Girls Athlete of the Week – Tascosa’s Kendra Murray inspires with positivty


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Tascosa’s Kendra Murray is the First United Bank Girls Athlete of the Week. [Joe Garcia III/ Press Pass Sports]
Tascosa’s Kendra Murray ended a historic season on the ultimate high note while setting new landmarks for Amarillo ISD.

Murray set a brand-new bar extremely high by not only becoming the first ever wheelchair competitor in AISD, but to also compete and medal at the UIL state track and field championships last Friday at Mike A. Myers Stadium in Austin.

Throwing in the shot put competition this year, Murray made Tascosa High School proud by earning a bronze medal with her top throw of 16-feet 1/4 inches.

“It was such a cool feeling,” said Murray, who’s personal best throw was 16-feet-1 1/4 inches this year. “I wish I could have gotten gold, but I’ll take the bronze for being my first time and only time at state.”

Murray’s journey to competing in the wheelchair shot put and making the state track meet is very inspiring. Just a few days before her freshman year at Tascosa, Murray was involved in a disastrous car wreck leaving her with a severe spinal cord injury that paralyzed Murray from the waist down. Murray went from an everyday teenager with the ability to walk, to now having to comprehend a completely new experience of being told she’ll never walk again at only 14-years old.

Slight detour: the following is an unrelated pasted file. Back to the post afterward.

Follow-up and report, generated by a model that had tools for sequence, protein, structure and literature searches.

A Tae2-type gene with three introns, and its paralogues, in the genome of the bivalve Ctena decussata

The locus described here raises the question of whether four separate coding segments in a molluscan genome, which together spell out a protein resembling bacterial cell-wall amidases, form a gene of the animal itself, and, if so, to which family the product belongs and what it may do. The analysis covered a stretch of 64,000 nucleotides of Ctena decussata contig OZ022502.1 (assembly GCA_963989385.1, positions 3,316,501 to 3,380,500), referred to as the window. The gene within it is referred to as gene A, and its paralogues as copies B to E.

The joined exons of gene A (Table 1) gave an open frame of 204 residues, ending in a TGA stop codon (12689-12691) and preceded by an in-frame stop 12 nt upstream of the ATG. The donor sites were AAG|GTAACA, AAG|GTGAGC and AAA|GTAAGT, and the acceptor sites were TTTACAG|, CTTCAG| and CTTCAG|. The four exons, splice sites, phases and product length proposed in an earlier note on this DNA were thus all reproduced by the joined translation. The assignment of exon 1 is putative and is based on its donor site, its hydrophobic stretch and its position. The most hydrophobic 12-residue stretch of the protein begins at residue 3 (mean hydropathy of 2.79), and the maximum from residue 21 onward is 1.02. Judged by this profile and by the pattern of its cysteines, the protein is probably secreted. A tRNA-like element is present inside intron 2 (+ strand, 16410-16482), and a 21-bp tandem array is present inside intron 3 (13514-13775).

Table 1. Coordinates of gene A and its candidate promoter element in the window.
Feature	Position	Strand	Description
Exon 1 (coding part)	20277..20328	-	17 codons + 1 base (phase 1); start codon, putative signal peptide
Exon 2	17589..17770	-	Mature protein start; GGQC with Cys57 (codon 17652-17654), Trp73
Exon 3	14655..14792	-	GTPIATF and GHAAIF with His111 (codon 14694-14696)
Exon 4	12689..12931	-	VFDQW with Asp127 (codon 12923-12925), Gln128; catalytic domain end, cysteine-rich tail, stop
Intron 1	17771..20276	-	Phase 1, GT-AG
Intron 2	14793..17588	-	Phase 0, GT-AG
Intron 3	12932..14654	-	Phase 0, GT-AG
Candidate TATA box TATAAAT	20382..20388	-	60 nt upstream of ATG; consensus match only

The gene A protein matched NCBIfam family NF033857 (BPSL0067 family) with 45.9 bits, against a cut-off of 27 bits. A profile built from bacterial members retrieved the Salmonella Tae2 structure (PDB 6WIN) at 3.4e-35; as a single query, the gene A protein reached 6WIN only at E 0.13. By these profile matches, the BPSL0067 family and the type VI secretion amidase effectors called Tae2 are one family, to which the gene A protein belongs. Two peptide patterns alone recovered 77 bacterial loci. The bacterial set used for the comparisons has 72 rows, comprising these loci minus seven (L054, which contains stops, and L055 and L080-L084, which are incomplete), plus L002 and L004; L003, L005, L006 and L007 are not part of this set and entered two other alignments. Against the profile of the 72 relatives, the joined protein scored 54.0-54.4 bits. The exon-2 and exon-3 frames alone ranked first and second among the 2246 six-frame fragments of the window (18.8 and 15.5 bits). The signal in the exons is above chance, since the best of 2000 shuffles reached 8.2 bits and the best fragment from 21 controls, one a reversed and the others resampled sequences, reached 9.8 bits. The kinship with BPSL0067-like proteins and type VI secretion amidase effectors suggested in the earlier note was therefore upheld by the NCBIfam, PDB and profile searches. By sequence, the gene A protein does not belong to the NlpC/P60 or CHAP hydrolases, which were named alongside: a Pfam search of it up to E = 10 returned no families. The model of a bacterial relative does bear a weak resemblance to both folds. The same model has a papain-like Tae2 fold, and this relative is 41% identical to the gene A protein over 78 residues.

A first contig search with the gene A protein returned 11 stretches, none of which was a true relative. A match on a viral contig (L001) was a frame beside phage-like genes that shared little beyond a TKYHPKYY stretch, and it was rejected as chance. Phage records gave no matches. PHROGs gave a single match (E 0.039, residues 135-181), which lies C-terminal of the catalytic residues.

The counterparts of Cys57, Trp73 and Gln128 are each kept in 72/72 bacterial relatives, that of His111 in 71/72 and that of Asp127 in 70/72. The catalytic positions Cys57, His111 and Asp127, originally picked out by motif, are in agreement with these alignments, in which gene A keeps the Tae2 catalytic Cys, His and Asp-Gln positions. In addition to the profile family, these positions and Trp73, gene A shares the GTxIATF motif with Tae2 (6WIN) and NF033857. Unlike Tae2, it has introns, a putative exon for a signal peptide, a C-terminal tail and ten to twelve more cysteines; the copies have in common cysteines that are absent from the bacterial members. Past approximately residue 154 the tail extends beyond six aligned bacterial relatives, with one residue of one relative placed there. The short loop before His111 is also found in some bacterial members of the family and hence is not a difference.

“It was the hardest thing that I’ve ever had to go through,” Murray said. “It was unbelievable at first. We all think It could never happen to me. So, I never thought anything like this would happen to me. It shows you that anything can happen. The mental health journey was probably the toughest part of what I went through. People see me as a very positive person, and I had to keep that up. But secretly at home I was miserable.”

Getting adjusted to being in a wheelchair, and her life turned upside down, Murray fell into a deep depression that lasted close to two years. The bubbly, always fun Murray, would hide her feelings on the outside, but on the inside, she wasn’t the same.

“I didn’t like myself and I didn’t want to do anything with my life,” Murray said. “I just wanted to stay in my room.”

It was equally difficult for her father, Richard and her family, to watch Murray fall into such a deep mental hole.

“It was very hard seeing her go into such a depression and losing friends,” Richard said. “Watching her battle with it was hard and nobody else saw that. One of the things I saw change was her watching a group called The Rollettes out of Los Angeles. I think then she started noticing how many other people were in her situation and a light came on.”

Entering her senior year of high school this past fall Murray made the decision to make it “her year”. A big credit for Murray’s new attitude goes to One Chair at a Time founder and director, Joe Chris Rodgriguez. Rodriguez introduced himself to the Murray family after her car wreck and has instilled confidence in Murray ever since.

“I initially met with the family after her injury,” Rodriguez said. “They were reluctant at first because of the mindset that you’re going to walk again. I started inviting Kendra to our events. I was hopeful she would try sports to help her confidence and help her cope with her situation.”